If you summon up a connotation to the term “financial abuse,” chances are you’ll think of someone being deprived by and dependent upon a paternalistic other. It could be a parent, it could be a partner, but this is the person who holds the purse strings, and they make sure you know it. I’ve known victims whose well-off partners wouldn’t give them money to feed their children, buy themselves modest staples, drive a car, or even leave the house. If they tried, they were threatened with divorce, taking the kids, and legal action, even deportation. This is a very common coercive control tactic, and it usually starts, as all abusive relationships do, with love bombing: “Oh honey, let me take care of that. You don’t need to work.” “Just give me your paycheck and I’ll invest it for you and do our taxes.” “Just move in, I’ll take care of you.” “Let’s get married and combine our incomes.”
Of course, with a trustworthy partner, these could be benign statements. But relationships of coercive control have patterns of controlling and abusive behavior, and must be seen in their own context. This is obvious controlling behavior, but also reeks of entitlement: I deserve all the money and all the choices, and you do not. I give and I take away as I see fit.
The other side of the coin of financial abuse is refusing to work or contribute in any way financially, with household chores, and/or parenting. This is otherwise referred to as a parasitic lifestyle. You are then forced into the provider role. They’re just “down on their luck.” They’re just “depressed.” You “make more money than I do.” Because this form is more passive aggressive than the first, it can go unnoticed. But it is abuse nonetheless, because it is controlling of your time, money, and energy, and it also screams entitlement: I deserve to be taken care of. Adulting is tedious. You do it.
Survivors of the first case often look to me like prisoners, trauma bonded to their captors and at the mercy of their whims. The latter, though, creates ghosts were there were once fully fleshed human beings. It is exhausting to do all the work of life and of relationship while also pulling along a perfectly capable but indolent partner. It’s backbreaking labor, and there is no thanks for it. The abuser simply feels entitled to your labor and the fruits thereof. Children need to be taken care of. Adults, unless they are gravely disabled, do not. There is great power in passivity. Abusers know if they are just unmoving, if they are tireless in their sloth, that they will wear you down. They know because they chose you–wonderful, industrious, go-getting you–for your competence and ability to keep things going. But beware if you ever abandon this assigned role. The danger level of my abusive marriage suddenly spiked when I was suddenly laid off and had to go on unemployment for a few months. Because I had been the primary breadwinner, my abuser was really angry that he lost control and suddenly had a bunch of responsibility on his hands. However, this wasn’t reactive abuse but just pure life circumstances, and you’d better believe that I was looking for jobs every day until I found one.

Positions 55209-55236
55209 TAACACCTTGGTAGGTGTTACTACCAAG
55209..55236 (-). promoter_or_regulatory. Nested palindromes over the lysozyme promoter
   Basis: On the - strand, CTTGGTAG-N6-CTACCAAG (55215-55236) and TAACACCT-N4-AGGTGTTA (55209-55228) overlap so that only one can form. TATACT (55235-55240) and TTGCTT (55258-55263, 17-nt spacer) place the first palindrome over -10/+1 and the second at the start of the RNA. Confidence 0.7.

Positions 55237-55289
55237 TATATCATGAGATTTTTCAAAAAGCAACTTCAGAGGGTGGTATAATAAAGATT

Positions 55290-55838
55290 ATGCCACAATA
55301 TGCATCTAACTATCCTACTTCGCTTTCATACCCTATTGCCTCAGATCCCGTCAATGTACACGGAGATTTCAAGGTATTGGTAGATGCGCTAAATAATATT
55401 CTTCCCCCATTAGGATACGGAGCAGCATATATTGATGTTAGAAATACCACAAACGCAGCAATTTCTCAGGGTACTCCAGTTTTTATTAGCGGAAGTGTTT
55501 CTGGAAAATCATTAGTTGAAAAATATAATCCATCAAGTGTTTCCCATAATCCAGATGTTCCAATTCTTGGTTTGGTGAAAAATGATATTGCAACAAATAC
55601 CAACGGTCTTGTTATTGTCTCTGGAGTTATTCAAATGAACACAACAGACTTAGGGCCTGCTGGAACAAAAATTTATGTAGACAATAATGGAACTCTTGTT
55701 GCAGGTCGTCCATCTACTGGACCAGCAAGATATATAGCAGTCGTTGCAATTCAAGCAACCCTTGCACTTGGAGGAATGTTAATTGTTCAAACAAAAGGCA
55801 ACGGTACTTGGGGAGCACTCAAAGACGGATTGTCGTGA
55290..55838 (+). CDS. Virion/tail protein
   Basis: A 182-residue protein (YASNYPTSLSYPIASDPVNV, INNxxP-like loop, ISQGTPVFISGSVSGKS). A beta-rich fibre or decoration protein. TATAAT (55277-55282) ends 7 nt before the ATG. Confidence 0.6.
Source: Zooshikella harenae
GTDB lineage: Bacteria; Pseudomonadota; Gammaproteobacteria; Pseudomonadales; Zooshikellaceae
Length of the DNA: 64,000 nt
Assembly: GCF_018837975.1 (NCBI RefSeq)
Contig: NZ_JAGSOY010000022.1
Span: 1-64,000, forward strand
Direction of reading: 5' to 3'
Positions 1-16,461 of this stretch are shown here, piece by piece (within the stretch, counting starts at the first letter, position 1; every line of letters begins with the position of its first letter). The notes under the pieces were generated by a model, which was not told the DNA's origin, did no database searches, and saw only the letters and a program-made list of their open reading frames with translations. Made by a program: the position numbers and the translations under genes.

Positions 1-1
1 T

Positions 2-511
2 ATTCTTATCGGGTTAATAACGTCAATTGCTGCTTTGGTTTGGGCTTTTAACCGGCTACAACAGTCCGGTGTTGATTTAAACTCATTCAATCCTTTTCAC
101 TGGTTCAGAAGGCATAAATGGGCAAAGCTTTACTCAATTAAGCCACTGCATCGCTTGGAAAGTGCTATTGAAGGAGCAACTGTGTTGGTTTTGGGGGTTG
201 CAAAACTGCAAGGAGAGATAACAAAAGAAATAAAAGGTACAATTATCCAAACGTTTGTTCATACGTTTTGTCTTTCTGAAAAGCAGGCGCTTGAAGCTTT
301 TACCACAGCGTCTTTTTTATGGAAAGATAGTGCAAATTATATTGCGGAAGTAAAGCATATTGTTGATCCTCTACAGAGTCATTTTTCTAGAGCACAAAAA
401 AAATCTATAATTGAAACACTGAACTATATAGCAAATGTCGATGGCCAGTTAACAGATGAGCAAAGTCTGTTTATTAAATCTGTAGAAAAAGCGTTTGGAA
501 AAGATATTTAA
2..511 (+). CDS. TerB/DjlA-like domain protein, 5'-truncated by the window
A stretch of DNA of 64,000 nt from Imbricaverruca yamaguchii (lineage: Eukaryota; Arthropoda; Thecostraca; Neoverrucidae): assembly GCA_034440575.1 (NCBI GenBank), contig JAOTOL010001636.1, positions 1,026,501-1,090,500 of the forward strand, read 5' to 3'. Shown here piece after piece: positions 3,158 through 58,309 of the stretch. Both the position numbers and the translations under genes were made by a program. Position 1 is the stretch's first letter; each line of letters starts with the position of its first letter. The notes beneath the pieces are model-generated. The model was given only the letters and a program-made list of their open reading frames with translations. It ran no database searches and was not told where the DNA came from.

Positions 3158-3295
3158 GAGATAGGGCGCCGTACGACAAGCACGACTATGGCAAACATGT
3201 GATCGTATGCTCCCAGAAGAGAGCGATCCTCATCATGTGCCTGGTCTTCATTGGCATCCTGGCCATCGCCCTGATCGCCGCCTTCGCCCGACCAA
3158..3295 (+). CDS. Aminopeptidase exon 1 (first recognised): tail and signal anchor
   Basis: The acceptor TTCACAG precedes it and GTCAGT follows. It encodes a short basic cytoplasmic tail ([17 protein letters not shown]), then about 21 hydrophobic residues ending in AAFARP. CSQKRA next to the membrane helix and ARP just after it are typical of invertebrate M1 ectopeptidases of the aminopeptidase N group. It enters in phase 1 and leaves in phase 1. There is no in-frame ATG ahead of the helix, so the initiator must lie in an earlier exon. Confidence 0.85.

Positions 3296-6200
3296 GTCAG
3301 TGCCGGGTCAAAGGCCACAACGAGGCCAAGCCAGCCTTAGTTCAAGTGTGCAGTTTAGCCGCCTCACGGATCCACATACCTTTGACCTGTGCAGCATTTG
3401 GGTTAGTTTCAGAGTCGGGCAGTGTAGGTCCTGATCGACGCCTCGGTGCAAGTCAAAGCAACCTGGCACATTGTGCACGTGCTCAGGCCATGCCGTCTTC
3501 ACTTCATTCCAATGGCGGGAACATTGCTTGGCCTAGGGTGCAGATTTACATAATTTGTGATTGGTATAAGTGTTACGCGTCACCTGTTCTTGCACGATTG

The third type belongs primarily to the class of abusers who are also sociopaths or psychopaths. Their game is to exploit you financially, to manipulate you into giving them large sums of money, or using your credit or information to finance extravagant lifestyles, often behind your back and without your knowledge or consent. In the U.S., this sort of behavior is the only form of financial abuse that is considered criminal. If someone forges your signature on a financial document, withdraws money or uses your credit without your consent, or fails to pay child support, those are criminal activities.
Financial abuse can cripple survivors for many years to come. I’ve seen people declare bankruptcy, move in with families, limp along with ruined credit, have to pay back large sums of money they never spent, lose custody of their children, or even become homeless due to financial abuse. Careers can be lost, opportunities missed, and dreams shattered.
I want to delineate financial abuse from the consensual division of labor that happens in healthy relationships. If two people decide that one person will work and the other will stay home, and they are both happy with that arrangement, I have nothing to say about that. But if a person is bullied, coerced, manipulated, or threatened into any of the above, that’s financial abuse. What distinguishes it is the abuser’s control over the situation (simply meaning, they get exactly what they want) and the victim’s lack of consent.
Financial abuse is also one of those invisible threads that makes it very difficult to leave abusive relationships. But I have observed that it only gets worse, not better. Being poor and having terrible credit for years because of my abusive ex-husband’s financial conduct definitely sucked, but at least I was able to build myself slowly back up to solvency. I also recognize that privilege played some part in that; not everyone can recover from the devastation of financial abuse.
My advice in avoiding this? I think womxn should always have control over some of their own money. It’s just too risky otherwise. I advise womxn to protect themselves financially, to not rush into marriage or legal contracts with a partner they have not vetted for responsibility for some years, and to hold their partners accountable if they abuse or misuse them financially. Sometimes, they only way to hold an abuser accountable for financial abuse is to leave, or lawyer up. Once financial abuse starts happening, I’ve rarely, if ever, seen the trend be reversed or for survivors to be paid back or compensated for giving up their jobs or careers.